Why is Isis important to Egyptians?

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Isis is one of the most important goddesses of the Ancient Egyptians. She has been worshipped as far back as 3100 BCE and is one of the most popular goddesses to emerge from the realm. Even in modern mythology she has been adapted in various ways (the idea of Mary as mother of God is said to be derived from Isis).

She was known as the goddess of children and her priests and priestesses reputedly had both healing powers and wisdom. She was seen as an important protector of people who had passed on. She was thought of as the wife of the dead pharaoh, and was also credited with being the mother of the four sons of Horus that guarded pharaoh organs. She was wife of Osiris in some mythologies and was responsible for bringing him back to life when he was killed by his brother.  According to the same myth, her tears when weeping for Osiris were responsible for the yearly flooding of the Nile and the great fertility of the region.

She has been celebreated greatly in Egyptian mythology as both mother and wife.  She was, according to the original mythology, wife of Horus. Later versions pictured her as the mother of Horus and the Wife of Osiris. Her motherly role was made very important – she was regarded as the mother of the pharaoh, himself regarded as a deity in later egyptian conceptions. In some depictions she wears a throne on her head, and indeed she was supposed to be the throne on which the pharaoh sat. In some statues and pictures she can be seen to be feeding the pharaoh from her breasts.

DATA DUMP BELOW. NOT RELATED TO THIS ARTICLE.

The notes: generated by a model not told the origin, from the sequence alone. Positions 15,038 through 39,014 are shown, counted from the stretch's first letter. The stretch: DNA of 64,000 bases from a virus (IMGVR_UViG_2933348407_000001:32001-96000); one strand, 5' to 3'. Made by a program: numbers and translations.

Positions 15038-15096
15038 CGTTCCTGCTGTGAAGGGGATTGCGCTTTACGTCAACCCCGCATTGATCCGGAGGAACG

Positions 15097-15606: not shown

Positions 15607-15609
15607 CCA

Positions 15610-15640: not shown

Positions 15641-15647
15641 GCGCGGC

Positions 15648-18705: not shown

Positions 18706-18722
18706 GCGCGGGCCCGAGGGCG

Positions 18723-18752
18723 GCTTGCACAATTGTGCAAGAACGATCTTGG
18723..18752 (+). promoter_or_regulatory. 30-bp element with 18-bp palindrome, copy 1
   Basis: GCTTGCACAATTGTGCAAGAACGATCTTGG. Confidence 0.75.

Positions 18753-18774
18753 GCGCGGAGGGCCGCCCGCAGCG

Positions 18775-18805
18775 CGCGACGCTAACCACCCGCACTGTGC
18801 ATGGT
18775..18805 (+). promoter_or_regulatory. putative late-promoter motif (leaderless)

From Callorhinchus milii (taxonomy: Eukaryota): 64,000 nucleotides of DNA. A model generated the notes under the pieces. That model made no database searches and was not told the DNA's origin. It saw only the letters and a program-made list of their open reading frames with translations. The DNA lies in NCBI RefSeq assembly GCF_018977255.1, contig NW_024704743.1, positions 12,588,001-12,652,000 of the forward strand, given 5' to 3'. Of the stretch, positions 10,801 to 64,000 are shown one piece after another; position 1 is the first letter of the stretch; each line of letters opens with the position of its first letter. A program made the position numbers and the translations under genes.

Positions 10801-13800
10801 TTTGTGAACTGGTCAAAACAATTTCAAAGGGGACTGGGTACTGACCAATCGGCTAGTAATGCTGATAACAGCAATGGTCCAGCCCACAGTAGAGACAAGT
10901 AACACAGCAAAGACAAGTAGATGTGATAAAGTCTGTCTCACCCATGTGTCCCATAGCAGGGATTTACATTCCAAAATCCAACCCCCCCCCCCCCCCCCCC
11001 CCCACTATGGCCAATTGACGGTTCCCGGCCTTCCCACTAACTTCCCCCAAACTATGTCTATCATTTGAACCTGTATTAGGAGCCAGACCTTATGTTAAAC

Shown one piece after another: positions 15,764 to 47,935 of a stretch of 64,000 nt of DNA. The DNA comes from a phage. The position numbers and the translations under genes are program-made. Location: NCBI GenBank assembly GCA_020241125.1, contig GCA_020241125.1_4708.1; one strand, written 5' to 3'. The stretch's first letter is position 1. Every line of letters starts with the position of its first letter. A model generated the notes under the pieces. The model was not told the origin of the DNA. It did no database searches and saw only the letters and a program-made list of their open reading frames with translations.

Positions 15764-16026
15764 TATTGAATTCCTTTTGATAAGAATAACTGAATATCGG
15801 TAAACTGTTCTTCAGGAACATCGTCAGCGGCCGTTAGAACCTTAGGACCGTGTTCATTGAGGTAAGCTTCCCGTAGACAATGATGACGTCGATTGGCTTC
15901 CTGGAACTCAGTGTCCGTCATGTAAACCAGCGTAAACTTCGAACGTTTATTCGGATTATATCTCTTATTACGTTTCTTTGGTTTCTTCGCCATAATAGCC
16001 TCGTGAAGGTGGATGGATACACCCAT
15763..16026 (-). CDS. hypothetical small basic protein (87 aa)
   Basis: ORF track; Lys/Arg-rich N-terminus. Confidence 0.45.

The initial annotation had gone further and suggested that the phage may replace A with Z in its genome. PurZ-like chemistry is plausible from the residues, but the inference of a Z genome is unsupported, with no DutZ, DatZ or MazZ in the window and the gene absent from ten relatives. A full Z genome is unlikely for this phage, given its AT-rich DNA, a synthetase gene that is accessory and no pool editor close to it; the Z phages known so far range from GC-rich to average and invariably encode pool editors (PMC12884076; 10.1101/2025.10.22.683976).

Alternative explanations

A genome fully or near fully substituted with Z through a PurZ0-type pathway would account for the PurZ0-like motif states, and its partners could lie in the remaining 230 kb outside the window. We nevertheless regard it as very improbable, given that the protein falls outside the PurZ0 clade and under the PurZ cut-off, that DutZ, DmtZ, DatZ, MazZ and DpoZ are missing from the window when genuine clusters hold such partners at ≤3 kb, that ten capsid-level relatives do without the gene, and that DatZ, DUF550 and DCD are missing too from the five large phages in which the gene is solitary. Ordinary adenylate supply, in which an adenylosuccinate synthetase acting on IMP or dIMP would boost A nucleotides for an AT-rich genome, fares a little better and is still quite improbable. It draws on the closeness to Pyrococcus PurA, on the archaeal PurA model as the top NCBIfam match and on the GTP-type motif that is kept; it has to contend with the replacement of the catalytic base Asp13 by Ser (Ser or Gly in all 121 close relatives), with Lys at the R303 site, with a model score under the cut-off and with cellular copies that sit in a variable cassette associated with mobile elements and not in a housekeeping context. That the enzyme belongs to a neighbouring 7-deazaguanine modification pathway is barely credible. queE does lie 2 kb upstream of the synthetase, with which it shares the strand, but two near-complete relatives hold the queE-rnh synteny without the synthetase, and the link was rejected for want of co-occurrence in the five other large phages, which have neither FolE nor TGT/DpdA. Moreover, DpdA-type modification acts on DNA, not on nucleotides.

Isis is thus central to Egyptian mythology as the ideal mother and wife. She was worshipped for thousands of years, not just in Egypt but as far as Rome and Greece. Her very last temple only shut down when Christian views against paganism lead to a clamping down on all such worship.

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